Mileage rates are woefully out of date. Research shows that the ‘mileage gap’ is costing NHS, social care, police and local government employees up to £6,000 a year
Out-of-date mileage rates are leaving frontline workers out of pocket, with some of the lowest-paid workers losing up to £6,000 a year, UNISON can reveal.
Using UNISON data, The RAC Foundation, a transport policy and research organisation, has calculated that approved mileage allowance payments (AMAPs) should be 63.4p per mile, a significant increase on the existing HMRC rate of 45p, which has not been updated since 2011.
The ‘mileage gap’ – the difference between what workers can claim back and what the RAC Foundation calculates the costs are – is costing NHS, social care, police and local government employees up to £6,000 a year.
Working as a social worker is stressful enough as it is
One in five UNISON members use a car for work. The majority of these are social care and local government workers in community-facing roles who drive to visit clients or patients in their homes, or to check that vulnerable residents or children are safe. The median salary of a public service worker required to drive for work is £22,499.
UNISON member Adya is a social worker in Birmingham who has a one-year-old child. She says: “I am having to deny myself a lot of things to ensure I can drive into work, visit clients and make a difference. Sometimes I’ll go to bed having eaten just a yoghurt, because I need to make sure my child has the best I can afford of everything.
“Working as a social worker is stressful enough as it is, without having to check my fuel every morning before I leave, hoping and praying I can afford that day’s visits. It is leaving me with sleepless nights.”
Adya is one of many. According to UNISON data, more than two in five UNISON members who use their car for work are skipping meals and one in five are avoiding cooking hot food, in order to cut down on living costs.
How the mileage gap affects workers
- NHS worker on Agenda for Change rates driving two hours daily: £6,087.64 a year out of pocket
- Care worker on HMRC rates driving two hours daily: £5,127.04 out of pocket
- Local government worker on NJC rates driving two hours daily: £6,406.32 out of pocket.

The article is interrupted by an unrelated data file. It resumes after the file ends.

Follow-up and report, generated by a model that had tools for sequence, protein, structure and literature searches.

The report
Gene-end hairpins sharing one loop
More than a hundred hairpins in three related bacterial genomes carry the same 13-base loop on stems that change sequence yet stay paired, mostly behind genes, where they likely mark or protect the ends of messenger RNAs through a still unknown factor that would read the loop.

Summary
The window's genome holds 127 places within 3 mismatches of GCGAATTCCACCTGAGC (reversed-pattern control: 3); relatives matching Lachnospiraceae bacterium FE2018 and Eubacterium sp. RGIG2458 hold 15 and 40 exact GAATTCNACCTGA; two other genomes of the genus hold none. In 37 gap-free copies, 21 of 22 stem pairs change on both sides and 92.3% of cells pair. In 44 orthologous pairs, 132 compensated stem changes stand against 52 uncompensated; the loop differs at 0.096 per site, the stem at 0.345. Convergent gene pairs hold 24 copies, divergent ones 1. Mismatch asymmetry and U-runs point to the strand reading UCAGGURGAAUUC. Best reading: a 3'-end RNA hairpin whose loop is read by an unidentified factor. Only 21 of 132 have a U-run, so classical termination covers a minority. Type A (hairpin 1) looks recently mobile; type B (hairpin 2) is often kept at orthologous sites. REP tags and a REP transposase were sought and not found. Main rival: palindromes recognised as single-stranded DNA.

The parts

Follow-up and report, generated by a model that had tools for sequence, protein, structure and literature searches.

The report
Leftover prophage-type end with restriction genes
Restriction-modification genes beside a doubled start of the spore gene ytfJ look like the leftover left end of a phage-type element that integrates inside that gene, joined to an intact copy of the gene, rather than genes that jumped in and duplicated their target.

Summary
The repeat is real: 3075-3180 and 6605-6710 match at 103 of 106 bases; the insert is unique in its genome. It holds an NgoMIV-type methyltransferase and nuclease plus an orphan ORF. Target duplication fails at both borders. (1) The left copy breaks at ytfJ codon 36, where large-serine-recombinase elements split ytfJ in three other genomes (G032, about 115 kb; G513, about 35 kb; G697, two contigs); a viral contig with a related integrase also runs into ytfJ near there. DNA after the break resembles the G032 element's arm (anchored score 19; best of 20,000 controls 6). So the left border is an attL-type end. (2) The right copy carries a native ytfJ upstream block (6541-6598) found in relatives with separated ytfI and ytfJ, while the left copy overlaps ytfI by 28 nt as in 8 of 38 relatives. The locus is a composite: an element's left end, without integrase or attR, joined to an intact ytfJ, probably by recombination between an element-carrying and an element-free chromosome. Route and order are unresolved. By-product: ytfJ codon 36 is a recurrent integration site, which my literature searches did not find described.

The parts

Outside of the main HMRC rates, alternative benchmarks exist for public service workers within their collective pay agreement terms and conditions, and across NJC and NHS Agenda for Change terms. In Scotland, local government rates are set by each local authority.
For NHS staff on Agenda for Change terms, mileage is paid at 59p per mile for the first 3,500 miles and 24p per mile over 3,500 miles.
However, Anne, a child health assistant in Magherafelt, Northern Ireland, said the 3,500 mile cap needs to be addressed, as well as the mileage rates.
She says: “I spend my days driving to around six homes per day. Some months I’m doing 400 miles, and some over 600. The mileage calculations run from the tax year, so the first six months are fine. But when I hit December, I’ve gone over 3,500 miles and I’m onto the lower rate of mileage. Fuel-wise I’m spending more than what I’m getting paid and it’s not enough.”
It’s frustrating being out of pocket and seeing your money depleted by working life
In Northern Ireland, the health minister Robin Swann announced a temporary increase in mileage rate payments for health trust staff, so that miles driven over 3,500 miles will be reimbursed at 30p per mile up until September 2023.
However, Anne says that she hasn’t seen this uplift put into practice. “There’s been no adjustment. It’s frustrating being out of pocket and seeing your money depleted by working life.”
UNISON member Carmella is a community nurse in Rutland. Her job is costing her £400 a month in fuel. Though she’s spoken to her managers and now works from home two days a week, she spends an average of £50 each driving day on petrol.
“We are paid so much a mile for fuel, but this has not changed in the 12 years I have been working in the community,” she says.
“I am having to cut back on food. Luckily it’s summer, so I can prepare meals that don’t need much cooking. I am worried that I will not be able to pay for the fuel to put in my car, to do my job.”
UNISON is campaigning for the government and employers to take urgent action to increase mileage rates.
UNISON’s recommendations for government